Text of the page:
4. Y TU MAMA TAMBIEN (Alfonso Cuaron, 2001)
    As perfect a use of the omniscient voice as there is – it’s all in what the characters don’t know.

    5. THE APARTMENT (Billy Wilder, 1960)
    Sure, “Nobody’s perfect” is a great last line. But “Shut up and deal” is better.

    6. THE ICE STORM (Ang Lee, 1997)
    Four people in a car finally see themselves, and nobody knows what to say.

    7. THE GRADUATE (Mike Nichols, 1967)
    Elation turns to calm, calm turns to uncertainty … all by holding the shot.

    8. THE SPIRIT OF THE BEEHIVE (Victor Erice, 1973)
    A six year-old girl continues to seek the Other.

    9. ETERNAL SUNSHINE OF THE SPOTLESS MIND (Michel Gondry, 2004)
    A relationship begins in the shadow of its end. As romantic a conceit as a film ever had.

    10. BEING THERE (Hal Ashby, 1979)
    “Life is a state of mind.” Ergo, a man can walk on water. How the viewer reads this depends on the leap of faith he’s prepared to take.

    Whew. Apologies to On the Waterfront, Cache, Lantana, Gone With the Wind, The Thin Red Line, Persona, etc, etc. Another day, maybe.

  • 18 7-16-2008 at 11:54 am

    Kristopher Tapley said...

    UGH. Very good call on Eternal Sunshine. VERY good call.

  • 19 7-16-2008 at 12:20 pm

    jason said...

    In no particular order: City Lights, A Clockwork Orange, Stroszek, Butch Cassidy and the Sundance Kid, Vertigo.

  • 20 7-16-2008 at 12:31 pm

    Jonathan Spuij said...

    Dammit, Vertigo was the one I was looking for.

  • 21 8-13-2008 at 2:53 pm

    Ross Miller said...

    I hated the last 15 minutes or so of The Departed. HATED it. Despite it basically being the same in principle as Infernal Affairs, it’s the way Scorsese played it out that was the worst thing of all [SPOILER AHEAD] – “Well we’ve made such a good movie up until this point, but we don’t know how to finish it. Shit. Oh well we’ll just kill everyone; DiCaprio [BANG], Winstone [BANG], Nicholson [BANG] and then finally the disgrace that was the end scene (which I am paritcularly surprised you listed as being one the BEST endings of all time, Kris)….yes that’s right, Damon [BANG]. To me that was as anti-climactic as was humanly possible to conjure. And that underwhelming and arrogant final shot of the rat made me fill up with anger. Such a shame since the first 2 hours is so damn good.

    Rant over…thanks for reading… :P

  • 22 9-23-2008 at 10:18 pm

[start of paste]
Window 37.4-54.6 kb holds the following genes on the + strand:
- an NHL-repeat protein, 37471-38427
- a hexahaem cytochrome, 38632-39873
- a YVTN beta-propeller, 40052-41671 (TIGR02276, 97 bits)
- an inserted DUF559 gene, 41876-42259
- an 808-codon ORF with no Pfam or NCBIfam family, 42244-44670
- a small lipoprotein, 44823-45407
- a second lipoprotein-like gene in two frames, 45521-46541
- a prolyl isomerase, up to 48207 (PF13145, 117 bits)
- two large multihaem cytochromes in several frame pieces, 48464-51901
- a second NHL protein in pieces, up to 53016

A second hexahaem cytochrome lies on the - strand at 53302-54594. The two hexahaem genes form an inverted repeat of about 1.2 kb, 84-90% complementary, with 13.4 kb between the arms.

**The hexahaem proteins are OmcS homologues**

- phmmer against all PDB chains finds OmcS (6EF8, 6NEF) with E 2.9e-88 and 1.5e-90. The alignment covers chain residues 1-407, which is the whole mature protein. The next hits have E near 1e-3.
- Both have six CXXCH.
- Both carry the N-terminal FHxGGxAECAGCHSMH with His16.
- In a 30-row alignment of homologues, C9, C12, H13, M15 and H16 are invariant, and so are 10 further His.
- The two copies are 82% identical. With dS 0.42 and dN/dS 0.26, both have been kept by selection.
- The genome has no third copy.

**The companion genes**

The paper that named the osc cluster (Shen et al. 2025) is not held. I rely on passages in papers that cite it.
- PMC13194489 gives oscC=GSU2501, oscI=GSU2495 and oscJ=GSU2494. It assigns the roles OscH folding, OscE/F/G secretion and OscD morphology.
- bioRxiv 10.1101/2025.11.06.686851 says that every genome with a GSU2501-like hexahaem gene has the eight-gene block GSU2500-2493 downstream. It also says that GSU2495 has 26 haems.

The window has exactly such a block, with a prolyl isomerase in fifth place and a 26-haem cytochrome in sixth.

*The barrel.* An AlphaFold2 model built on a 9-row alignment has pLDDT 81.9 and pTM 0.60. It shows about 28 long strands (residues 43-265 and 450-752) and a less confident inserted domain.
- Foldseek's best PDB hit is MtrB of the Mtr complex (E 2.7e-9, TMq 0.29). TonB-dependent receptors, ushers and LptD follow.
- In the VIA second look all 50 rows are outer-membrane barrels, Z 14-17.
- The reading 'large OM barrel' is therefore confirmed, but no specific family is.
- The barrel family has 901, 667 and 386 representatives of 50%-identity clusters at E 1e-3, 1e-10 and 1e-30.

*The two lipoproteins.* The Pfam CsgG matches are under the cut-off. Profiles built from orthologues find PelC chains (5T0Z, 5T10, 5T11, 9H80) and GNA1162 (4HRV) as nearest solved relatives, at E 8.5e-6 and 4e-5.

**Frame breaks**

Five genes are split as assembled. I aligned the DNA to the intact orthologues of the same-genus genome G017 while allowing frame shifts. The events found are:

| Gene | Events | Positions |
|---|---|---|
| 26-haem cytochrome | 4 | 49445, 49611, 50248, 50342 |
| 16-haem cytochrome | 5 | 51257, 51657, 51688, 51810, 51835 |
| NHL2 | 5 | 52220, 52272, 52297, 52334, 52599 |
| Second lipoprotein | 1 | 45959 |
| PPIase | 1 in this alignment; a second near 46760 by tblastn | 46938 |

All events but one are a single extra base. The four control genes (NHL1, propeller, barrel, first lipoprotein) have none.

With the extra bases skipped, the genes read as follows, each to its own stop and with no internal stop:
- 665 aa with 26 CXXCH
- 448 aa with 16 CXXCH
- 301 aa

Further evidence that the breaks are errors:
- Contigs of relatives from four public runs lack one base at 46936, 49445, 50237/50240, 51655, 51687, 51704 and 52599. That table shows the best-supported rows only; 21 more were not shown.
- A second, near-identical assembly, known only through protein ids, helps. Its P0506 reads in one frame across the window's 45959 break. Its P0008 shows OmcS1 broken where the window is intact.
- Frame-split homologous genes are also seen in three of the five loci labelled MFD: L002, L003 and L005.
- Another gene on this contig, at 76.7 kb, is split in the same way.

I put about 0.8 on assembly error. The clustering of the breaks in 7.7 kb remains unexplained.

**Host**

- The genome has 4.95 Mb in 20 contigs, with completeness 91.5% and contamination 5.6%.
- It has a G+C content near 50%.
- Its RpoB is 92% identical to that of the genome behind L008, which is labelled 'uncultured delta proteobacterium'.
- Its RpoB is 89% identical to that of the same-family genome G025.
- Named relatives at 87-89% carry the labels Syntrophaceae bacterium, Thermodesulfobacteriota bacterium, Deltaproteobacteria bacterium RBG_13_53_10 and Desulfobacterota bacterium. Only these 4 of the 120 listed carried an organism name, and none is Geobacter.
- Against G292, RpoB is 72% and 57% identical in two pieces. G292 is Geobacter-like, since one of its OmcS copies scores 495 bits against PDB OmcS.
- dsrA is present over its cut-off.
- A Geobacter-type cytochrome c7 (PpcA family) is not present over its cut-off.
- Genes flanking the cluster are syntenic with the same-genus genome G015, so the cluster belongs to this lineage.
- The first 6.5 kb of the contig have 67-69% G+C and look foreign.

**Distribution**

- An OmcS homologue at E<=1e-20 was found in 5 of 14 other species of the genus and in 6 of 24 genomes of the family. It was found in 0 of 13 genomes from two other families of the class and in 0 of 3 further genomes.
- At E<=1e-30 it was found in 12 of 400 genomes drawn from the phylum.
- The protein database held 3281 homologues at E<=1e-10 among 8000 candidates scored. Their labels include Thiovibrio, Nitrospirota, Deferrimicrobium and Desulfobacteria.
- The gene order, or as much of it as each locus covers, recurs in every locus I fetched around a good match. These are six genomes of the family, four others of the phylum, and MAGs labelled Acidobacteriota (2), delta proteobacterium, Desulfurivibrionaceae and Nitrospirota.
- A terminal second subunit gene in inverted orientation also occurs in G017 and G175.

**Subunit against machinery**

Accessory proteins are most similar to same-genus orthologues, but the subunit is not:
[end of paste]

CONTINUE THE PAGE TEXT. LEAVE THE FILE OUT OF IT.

Allen Schneider said...

    Where the FUCK is The Empire Strikes Back you fucking tool?

  • 23 9-23-2008 at 10:42 pm

    Kristopher Tapley said...

    Fuck The Empire Strikes Back?

  • 24 9-24-2008 at 10:00 am

    Leo Calabrano said...

    this is a real good list… i like it a lot!! and it’s great to be able to see the endings again.
    thanks

  • 25 10-28-2008 at 1:25 pm

    Andrew said...

    LOST IN TRANSLATION

    GREATEST ENDING I’VE EVER SEEN

  • 26 10-29-2008 at 9:37 am

    Zan said...

    5 Classic Film Endings:
    Contempt (just ask David Lynch)
    Butch Cassidy and the Sundance Kid
    The 400 Blows
    Sansho the Bailiff
    A Clockwork Orange

    5 Modern Film Endings:
    Traffic (Cheadle’s smile in particular)
    Children of Men (for instilling hope)
    No Country for Old Men (in its sheer power)
    The Assassination of Jesse James… (for its genius use of VO narration)
    The Lives of Others (goes without saying)

  • 27 2-18-2009 at 8:01 pm

    saj said...

    I agree with what Eunice said. Exorcism of Emily Rose is a good movie. It is not an out on out horror movie, but yes it has a couple of scenes which can scare the hell out of the viewer. I wonder how Shutter has not been mentioned by anybody so far. Its one of the best horror movie I have ever watched. Right from the beginning of the movie until the end, you will glued to your seats.
    Happy Watching

  • 28 6-30-2009 at 2:54 pm

    Dan said...

    I can’t believe no one commented on the quote from The Godfather. Do you really think Diane Keaton’s name in the film is “Kate?”

  • 29 6-30-2009 at 2:58 pm

    Kristopher Tapley said...

    Nope, I don’t. It was an honest slip, actually. But thanks for pointing it out.

  • 30 9-27-2009 at 6:03 pm

    Robert Hamer said...

    Because I can’t stand it when every plot point is dictated to me in a film, I would definitely take out Psycho. It’s ending was the worst part of the film.

    And I agree that Chinatown should be on there.

  • 31 6-05-2010 at 7:17 am

    unchanged said...

    Nah! where is goodfellas?? is one of the best movie endings ever. Not the best, but one of.

  • 32 9-16-2011 at 9:08 am

    Skunk said...

    Usual Suspects ? Are you serious ?
    You are all fucking retarded idiots.